Austin Scott, the Republican candidate for the Eighth Congressional District, is getting a boost from the national party in his campaign against Democratic incumbent Jim Marshall.
Texas Congressman Pete Sessions, chairman of the National Republican Congressional Committee, visited Covington Wednesday to endorse Scott and let the local GOP base know he believes Republicans are on their way to taking back the House.
"I came down here as the chairman for the sole purpose that Austin has made a fight of this race," Sessions said. "All across the county young gun candidates are standing up and selling the attributes of what a congressman should be."
Sessions said candidates like Scott are committed to three values: actually reading bills before voting on them, having a balanced federal budget and growing the economy. To help spur balanced federal budget and growing the economy. To help spur Scott's campaign, Sessions made a donation of $5,000; the NRCC has also purchased air time in the large eighth district.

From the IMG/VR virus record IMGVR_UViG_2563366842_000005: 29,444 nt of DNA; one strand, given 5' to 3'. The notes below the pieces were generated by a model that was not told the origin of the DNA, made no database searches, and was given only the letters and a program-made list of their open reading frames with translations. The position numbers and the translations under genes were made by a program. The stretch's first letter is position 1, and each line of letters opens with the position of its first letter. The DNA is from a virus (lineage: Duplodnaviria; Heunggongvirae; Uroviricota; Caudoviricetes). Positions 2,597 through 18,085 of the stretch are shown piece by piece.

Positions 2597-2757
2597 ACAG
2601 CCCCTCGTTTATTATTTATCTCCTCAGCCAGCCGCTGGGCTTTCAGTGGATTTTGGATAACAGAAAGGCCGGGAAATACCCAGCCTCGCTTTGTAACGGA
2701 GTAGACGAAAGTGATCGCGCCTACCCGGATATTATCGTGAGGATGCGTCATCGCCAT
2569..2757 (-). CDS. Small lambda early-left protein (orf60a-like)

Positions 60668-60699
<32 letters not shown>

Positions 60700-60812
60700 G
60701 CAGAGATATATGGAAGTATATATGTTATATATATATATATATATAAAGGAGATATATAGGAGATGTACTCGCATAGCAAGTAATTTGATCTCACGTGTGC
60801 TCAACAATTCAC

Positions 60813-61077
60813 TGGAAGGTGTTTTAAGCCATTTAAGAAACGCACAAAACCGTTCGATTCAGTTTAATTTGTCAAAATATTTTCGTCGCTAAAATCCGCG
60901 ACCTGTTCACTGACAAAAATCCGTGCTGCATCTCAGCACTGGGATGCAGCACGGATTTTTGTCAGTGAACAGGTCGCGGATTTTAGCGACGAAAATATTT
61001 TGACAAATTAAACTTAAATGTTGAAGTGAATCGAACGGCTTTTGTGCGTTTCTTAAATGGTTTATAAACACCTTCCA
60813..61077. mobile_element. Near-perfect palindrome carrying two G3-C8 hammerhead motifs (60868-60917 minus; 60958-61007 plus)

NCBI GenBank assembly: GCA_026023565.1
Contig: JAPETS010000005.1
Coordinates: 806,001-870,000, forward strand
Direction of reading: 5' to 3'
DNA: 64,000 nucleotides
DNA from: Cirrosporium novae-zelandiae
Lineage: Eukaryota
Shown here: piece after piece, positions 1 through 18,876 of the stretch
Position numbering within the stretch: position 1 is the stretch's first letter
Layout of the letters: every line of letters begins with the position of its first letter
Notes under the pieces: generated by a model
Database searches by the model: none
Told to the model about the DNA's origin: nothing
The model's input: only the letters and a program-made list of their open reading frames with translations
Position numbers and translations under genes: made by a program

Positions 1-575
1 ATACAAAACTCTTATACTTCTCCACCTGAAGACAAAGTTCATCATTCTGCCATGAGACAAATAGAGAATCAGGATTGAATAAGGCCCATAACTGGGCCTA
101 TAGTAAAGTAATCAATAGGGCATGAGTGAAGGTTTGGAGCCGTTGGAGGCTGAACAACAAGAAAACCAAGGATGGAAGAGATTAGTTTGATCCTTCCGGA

"The NRCC is not in it because we're nice people; we're in it because you turned out a poll that showed you can win. I'll be very blunt with you, I'm only in it to win it," Sessions said, adding that he hoped he could count on Scott's seat in order to gain a GOP majority.
Polls on the race vary widely, but according to a September poll commissioned by Scott's campaign, the GOP challenger is now up by 8 percent. Earlier internal polls showed him trailing by 3 percent.
However, a September survey by the Democratic Congressional Campaign Committee found that Marshall had a 12 percent advantage. Marshall is a four-term incumbent from Macon.
Sessions and Scott appeared at a lunch hosted by local Republicans Clay and Judy Newman, who contributed to Scott's campaign and helped convince him to drop a proposed run for governor in favor of a race for U.S. representative.
Scott urged for voter's support so he could oppose cap and trade, card check and the recently passed healthcare bill.
"It's about the economy and getting jobs back on track, and I think that comes from a Republican house and just kind of calming things down and letting people with that capital know they can invest in the this country. We do believe in capitalism still," Scott said.